WASHINGTON -- Lawmakers and federal regulators are examining the fees charged by popular college-savings plans, and an investigation of big brokerage firms' sales of the plans has widened.
An investor advocate told a House panel yesterday that states may have incentives to sponsor so-called 529 plans with high fees and that political factors can play a role in pushing up charges.
''Political considerations . . . may influence the selection of money managers and cause states to be less diligent when negotiating fees," Mercer Bullard, a University of Mississippi law professor who heads the advocacy group Fund Democracy, testified at a hearing examining the plans used by parents to save for their children's college tuition.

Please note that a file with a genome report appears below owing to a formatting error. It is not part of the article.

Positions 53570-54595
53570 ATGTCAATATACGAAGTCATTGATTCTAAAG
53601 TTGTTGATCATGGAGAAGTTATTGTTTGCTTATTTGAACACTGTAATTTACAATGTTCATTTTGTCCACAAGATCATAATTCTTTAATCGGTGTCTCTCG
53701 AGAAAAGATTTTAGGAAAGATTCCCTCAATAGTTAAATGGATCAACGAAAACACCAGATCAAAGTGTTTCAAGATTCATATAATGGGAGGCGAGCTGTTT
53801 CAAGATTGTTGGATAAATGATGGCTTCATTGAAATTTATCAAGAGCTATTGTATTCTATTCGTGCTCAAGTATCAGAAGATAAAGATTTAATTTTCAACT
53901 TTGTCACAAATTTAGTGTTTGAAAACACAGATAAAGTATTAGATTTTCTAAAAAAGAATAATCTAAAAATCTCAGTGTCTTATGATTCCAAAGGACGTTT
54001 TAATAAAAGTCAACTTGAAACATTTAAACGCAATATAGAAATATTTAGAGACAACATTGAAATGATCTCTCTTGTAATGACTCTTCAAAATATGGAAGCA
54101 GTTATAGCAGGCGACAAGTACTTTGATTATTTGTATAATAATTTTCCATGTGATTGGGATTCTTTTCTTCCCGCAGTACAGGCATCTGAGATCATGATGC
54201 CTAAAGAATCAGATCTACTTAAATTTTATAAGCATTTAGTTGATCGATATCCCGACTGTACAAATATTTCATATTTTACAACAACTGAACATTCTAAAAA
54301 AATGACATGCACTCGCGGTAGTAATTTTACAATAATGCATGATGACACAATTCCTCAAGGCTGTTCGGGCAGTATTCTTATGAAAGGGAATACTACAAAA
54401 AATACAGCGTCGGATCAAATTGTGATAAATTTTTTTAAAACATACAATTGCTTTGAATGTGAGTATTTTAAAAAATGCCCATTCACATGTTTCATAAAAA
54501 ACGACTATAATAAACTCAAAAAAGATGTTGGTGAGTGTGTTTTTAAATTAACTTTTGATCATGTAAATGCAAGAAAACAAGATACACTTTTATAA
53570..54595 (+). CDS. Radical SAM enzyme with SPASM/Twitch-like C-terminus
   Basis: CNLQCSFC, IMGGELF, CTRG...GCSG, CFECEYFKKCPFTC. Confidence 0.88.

Bullard cited examples of states favoring investment firms based in the state or firms whose executives contributed to the election campaigns of state officials.
Securities regulators, meanwhile, have expanded their investigation of brokerage firms' sales of these 529 plans for possible violations that can deprive investors of the very tax benefits that make the plans attractive.